Saturday, June 13, 2009

kids books vs. adult books

As a whole, I love fiction. I love immersing myself in a really good story. (and even better when that story is extended into a whole series! Well, as long as the series has an end and doesn't drag on forever.) I love character development; I love good stories and great relationships; I love new and interesting worlds different from the one I know. So... why is it that I find that this is more easily found in children's literature rather than in adult literature?

I recently read a book called The Lightning Thief by... some guy. Oh, Rick Riordan. It was fun in a Harry Potter kind of way but much different, too. The premise is that there are these children who were born of a human parent and a Greek god parent, thus demigods. When these children are made aware of their non-full-human state, they become a threat to other non-humans. Many classic Greek mythological themes are thrown into a cute storyline making for a fun read. But as mentioned earlier, this left me wondering why it had to be in a children's book context that this fun read worked. Plus, if this type of premise were created at an adult-level, it probably would be nothing more than a fantasy story or a trashy romance novel. Why can't something like this be simply literature?

I definitely have no answers, but it means I will continue to look for fun literature in the children's section for years and years to come. :)


Jennifer said...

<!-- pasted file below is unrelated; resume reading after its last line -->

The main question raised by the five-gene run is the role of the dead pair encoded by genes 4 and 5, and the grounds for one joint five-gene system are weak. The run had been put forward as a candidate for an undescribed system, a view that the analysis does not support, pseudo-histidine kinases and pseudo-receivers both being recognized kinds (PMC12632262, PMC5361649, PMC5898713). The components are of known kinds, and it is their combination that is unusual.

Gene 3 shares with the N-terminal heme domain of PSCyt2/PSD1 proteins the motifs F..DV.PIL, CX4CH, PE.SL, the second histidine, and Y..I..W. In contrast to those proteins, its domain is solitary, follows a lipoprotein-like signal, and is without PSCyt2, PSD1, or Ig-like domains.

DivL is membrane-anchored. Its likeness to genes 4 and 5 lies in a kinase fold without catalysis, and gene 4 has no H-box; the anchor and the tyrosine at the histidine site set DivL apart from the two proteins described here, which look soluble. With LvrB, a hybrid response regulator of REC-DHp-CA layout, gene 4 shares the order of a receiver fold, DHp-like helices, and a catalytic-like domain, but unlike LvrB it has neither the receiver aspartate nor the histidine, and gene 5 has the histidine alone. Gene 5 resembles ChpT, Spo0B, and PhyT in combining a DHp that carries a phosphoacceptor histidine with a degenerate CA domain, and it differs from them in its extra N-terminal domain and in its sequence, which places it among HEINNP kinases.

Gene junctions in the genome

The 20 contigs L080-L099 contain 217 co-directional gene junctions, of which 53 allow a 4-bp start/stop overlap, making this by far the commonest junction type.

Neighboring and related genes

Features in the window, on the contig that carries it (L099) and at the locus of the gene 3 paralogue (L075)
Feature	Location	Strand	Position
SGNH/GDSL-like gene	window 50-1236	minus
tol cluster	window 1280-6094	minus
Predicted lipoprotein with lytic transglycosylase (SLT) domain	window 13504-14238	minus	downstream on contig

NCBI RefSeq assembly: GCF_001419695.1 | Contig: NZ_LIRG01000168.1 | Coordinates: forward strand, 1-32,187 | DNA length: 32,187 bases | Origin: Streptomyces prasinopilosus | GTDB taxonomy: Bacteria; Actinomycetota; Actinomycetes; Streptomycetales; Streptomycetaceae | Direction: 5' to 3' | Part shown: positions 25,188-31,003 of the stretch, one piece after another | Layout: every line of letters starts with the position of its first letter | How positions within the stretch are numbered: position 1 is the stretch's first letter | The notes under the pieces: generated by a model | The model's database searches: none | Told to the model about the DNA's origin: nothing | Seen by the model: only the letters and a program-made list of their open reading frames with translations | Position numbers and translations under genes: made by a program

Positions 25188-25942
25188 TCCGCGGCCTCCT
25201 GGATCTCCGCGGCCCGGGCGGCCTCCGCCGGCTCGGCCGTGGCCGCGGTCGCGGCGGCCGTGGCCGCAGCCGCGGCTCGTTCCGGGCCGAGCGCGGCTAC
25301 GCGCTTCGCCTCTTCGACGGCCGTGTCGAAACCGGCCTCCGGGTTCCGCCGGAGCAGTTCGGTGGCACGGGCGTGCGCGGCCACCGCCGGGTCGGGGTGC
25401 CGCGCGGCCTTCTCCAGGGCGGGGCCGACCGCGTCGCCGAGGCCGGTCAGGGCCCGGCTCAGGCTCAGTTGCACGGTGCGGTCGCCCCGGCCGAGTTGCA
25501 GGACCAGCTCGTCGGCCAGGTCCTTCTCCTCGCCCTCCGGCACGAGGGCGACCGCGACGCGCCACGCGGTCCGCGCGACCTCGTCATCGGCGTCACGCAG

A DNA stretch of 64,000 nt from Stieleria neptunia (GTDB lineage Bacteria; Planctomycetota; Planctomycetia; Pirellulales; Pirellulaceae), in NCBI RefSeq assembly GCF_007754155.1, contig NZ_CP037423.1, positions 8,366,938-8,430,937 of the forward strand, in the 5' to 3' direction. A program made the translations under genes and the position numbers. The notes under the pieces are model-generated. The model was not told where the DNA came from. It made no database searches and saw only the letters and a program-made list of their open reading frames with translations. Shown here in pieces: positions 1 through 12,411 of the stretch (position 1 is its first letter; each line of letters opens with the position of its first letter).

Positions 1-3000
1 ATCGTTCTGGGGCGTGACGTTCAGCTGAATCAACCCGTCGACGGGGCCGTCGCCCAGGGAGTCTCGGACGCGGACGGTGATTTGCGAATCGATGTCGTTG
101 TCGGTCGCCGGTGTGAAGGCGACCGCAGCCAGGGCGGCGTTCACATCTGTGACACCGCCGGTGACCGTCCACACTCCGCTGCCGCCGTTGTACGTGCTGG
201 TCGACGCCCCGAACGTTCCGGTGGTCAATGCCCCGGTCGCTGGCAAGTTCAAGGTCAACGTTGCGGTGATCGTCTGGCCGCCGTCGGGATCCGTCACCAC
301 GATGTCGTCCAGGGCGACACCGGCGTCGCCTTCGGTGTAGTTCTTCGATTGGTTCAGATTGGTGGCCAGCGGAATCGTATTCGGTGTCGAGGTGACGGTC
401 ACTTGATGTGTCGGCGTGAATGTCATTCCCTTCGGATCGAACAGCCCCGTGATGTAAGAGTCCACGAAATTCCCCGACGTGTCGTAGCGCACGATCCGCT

Some other children's/young adults books I've read recently that I really liked:
The Hunger Games by Suzanne Collins
I am the Messenger and the Book Thief by Markus Zusak
Nick and Norah's Infinite Playlist!

I think there are good adult fantasy type books to be read out there, but you have to kind of dig through a lot of crazy stuff to find them. But I think those books tend to not want to be "fun", they try to be more "raw" or philosophical. I used to wonder when I was going to grow out of reading kids' books but it seems that's not ever going to happen?

burkie said...

okay, you shamed me into blogging, but i need to comment on yours, too :)

i feel the same way about fiction--i love good character development. the plot is secondary. tom clancy? -gag- the man will waste chapters describing a weapon system, but a few paragraphs on a character. the first series i fell in love with was The Three Investigators series by robert arthur (FAR superior to the hardy boys series, in my opinion).

perhaps one of the reasons why character development in so-called children's lit is often done so well is because the protagonists are most often children or adolescents whose very existence is defined by the fact that they are developing as human beings, they are developing their own identities. adult protagnonists are adults--already developed as people. they usually aren't going to go through a identity development process; they are going to adapt to situations based on who they already are. at least, that's my theory. at the moment.

i think i told you that i'm reading a mystery series by carol o'connell about a detective named Mallory, who is one of the most interesting characters i've come across in a long time. o'connell is spreading her back story over a number of books, and it's rich (if over the top, but who cares?). definitely not kid lit, though.